Close Close
Mother and Baby

Post-natal depression - is there anything I can do to prevent it?

Post-natal depression - is there anything I can do to prevent it?

A reader asks: “I recently read that 1 in 10 women get post-natal depression. Is there anything I can do to prevent it?”

Our expert, Clare Byam-Cook, is a midwife and author. She says:

Medical experts are still unsure of the exact causes of postnatal depression, but most are of the opinion that it’s the result of a combination of factors.

These may include a lack of support when you first bring your new baby home, and not having friends and family around you to help. Other factors include a difficult delivery that results in pain and physical problems, and relationship worries or money problems.

Being aware of the potential triggers and understanding that it’s natural to feel overwhelmed and isolated when you become a new mum can help you rationalise your worries and stop you feeling inadequate.

Try to create a support network around you of friends, relatives or local mum-and-baby groups. And remember your health visitor is there to offer advice and help you find the help and support you need once you’re home with your baby.

A study of 10,000 British women found the lowest risk of postnatal depression was among those who planned to breastfeed – and were successful. But it also showed that mums who wanted to breastfeed their babies, and then found they couldn’t, were twice as likely to suffer from depression as those who’d always planned to use formula milk.

The key to successful breastfeeding and happy motherhood is to do your research before your baby is born. Ask your friends which books and feeding aids, such as breast pumps and nipple shields, they found most helpful, and whether they can recommend a good feeding counsellor in your area. Don’t be afraid to ask for help from friends and family and seek professional advice if breastfeeding is painful or your baby is crying endlessly and not settling after feeds. Sore nipples are mainly caused by a bad latch or thrush. Crying babies are usually hungry or have a medical problem, such as reflux, which requires treatment. 

I hope breastfeeding goes well for you, but if it doesn’t, it’s better to give up than sink into depression. The most important thing is that you and your baby are happy and thriving and that he gets enough milk.  


Related content:


No comments have been made yet.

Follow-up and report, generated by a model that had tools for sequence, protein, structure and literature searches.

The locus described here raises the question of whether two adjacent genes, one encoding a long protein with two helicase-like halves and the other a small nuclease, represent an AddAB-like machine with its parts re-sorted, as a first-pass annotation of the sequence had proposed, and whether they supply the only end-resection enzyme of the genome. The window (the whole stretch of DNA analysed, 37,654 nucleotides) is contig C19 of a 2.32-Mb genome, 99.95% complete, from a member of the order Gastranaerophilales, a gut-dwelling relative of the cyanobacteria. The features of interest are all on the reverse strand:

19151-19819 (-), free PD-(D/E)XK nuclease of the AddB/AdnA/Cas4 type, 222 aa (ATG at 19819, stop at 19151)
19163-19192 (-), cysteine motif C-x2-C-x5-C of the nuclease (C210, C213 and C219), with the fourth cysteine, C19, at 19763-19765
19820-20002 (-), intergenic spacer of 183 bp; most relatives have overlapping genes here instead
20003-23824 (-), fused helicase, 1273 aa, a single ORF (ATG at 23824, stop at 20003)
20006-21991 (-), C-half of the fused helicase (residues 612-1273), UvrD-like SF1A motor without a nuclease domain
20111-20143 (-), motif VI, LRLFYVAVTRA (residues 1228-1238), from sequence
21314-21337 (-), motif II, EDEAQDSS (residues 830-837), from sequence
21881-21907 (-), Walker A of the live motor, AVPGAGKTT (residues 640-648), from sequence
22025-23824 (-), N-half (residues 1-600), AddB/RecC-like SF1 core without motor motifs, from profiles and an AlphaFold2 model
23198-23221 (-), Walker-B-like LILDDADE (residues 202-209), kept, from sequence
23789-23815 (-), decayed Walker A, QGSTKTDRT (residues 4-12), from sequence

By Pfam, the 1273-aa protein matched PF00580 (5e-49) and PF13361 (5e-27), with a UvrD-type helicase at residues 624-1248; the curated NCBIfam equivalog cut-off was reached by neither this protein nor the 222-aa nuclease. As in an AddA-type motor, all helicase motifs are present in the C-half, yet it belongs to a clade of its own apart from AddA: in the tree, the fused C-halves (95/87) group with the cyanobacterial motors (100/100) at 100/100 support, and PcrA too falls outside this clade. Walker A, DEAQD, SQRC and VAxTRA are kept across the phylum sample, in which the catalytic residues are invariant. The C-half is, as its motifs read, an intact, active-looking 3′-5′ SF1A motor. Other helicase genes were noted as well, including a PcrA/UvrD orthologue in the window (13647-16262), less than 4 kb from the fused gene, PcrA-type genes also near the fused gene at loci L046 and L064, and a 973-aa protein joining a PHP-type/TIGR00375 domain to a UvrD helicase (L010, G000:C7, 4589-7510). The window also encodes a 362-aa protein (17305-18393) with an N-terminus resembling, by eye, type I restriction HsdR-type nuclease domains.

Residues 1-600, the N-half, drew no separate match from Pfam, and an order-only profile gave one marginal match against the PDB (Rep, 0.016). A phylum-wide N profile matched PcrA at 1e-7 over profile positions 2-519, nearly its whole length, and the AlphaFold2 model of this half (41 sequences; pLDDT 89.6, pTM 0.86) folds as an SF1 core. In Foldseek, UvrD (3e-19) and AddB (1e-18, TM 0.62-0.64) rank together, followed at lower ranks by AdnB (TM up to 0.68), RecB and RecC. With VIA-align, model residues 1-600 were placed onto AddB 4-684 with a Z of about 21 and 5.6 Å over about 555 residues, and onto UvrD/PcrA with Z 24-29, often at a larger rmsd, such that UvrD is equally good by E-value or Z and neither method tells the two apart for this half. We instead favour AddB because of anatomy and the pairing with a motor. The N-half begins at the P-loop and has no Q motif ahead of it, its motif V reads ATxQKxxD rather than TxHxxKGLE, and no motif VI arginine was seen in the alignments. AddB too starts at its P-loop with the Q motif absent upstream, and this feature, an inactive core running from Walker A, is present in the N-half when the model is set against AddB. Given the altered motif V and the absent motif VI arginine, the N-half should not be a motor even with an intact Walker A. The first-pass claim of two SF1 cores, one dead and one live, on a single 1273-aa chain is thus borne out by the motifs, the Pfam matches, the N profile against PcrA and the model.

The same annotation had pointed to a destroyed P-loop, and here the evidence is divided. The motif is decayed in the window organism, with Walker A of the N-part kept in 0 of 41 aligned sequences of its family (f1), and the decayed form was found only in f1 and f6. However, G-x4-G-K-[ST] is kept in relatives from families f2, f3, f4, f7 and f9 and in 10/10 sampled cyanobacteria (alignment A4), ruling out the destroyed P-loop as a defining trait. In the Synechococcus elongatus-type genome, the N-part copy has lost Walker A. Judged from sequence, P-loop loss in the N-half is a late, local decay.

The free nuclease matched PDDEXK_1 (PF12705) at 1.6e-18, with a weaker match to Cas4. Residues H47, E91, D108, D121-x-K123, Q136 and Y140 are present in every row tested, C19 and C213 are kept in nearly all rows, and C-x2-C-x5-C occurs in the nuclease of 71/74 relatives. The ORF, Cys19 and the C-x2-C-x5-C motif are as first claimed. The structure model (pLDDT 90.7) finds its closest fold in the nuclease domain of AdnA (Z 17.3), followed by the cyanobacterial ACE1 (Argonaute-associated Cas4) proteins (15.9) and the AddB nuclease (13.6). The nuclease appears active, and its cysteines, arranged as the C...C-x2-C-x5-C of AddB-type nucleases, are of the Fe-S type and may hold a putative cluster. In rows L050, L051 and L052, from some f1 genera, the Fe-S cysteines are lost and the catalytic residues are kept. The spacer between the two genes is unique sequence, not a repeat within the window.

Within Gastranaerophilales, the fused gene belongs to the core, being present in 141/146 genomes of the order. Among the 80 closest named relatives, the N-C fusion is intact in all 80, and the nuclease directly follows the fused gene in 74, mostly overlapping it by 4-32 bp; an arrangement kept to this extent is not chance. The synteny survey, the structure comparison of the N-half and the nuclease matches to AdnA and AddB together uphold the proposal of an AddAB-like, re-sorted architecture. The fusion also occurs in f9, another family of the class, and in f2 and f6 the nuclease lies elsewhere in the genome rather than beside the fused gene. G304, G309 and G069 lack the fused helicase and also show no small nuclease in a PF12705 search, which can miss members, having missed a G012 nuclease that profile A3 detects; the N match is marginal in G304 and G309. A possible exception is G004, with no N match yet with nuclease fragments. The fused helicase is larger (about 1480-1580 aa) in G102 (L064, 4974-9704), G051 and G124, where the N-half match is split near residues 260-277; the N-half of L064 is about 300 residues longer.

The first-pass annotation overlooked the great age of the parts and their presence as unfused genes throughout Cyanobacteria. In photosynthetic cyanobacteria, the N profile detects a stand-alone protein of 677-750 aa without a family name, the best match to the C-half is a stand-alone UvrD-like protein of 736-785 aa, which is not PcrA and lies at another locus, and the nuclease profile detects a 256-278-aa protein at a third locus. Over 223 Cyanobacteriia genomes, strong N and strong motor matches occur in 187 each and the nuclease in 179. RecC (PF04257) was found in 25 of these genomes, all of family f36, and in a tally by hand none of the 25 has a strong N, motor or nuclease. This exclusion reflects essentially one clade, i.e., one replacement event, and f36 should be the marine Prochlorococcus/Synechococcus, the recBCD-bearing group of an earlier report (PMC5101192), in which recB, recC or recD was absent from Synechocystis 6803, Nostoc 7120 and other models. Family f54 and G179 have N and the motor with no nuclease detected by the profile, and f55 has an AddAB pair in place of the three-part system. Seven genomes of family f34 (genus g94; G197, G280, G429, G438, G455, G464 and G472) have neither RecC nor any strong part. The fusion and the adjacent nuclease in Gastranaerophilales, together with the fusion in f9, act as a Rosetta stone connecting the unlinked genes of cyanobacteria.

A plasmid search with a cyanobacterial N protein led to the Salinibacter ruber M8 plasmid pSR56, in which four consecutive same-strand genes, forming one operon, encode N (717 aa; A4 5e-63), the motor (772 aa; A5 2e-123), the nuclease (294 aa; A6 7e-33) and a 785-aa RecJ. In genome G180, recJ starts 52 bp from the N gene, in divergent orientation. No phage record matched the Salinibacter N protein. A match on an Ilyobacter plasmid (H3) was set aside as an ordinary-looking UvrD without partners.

Chinese Gender predictor
Chinese Gender Predictor

Is it a boy or a girl? Tell our tool the month you concieved and how old you are and find out! 

Nappy rash is painful for parents as well as for your baby
Nappy rash is painful for parents as well as for your baby

Read Dr Pixie's guide to learn how to deal with nappy rash

The Magic Sleepsuit
The secret to a quiet night’s sleep – The Magic Sleepsuit

If you’re little one is struggling to settle now they’ve outgrown the swaddling stage, this could be the answer to your sleep-deprived prayers!

Celebrating parenting's small wins
Celebrating parenting's small wins

As mums, we're constantly told to enjoy every moment; in reality, parenting can sometimes be challenging. That's where small wins come in...

Subscribe to Mother&Baby

Be the best mum you can be and let Mother & Baby guide you along the way. Each issue is jam packed with REAL advice from mums just like you. Subscribe today & get a free welcome gift!

Ovulation Calculator
Ovulation calculator
Trying for a baby? Work out when you're most fertile to increase your chances of getting pregnant with our easy-to-use ovulation calculator.
Pregnant woman
Due Date Calculator

When is your baby due? If you’re having trouble remembering dates and counting up the days on your fingers and toes, don’t worry – use our due date calculator.

Get M&B in your inbox!

Sign up to Mother&Baby today and get news and advice about your body and your baby straight to your inbox every week. 

Lemonade Money
It’s time to make sure your loved ones are protected

Every parent knows the importance of planning ahead; from the new school shoes, to your little one’s education, you want to fill their future with hopes and dreams. Yet are you one of the 80% of adults here in the UK that has no life cover?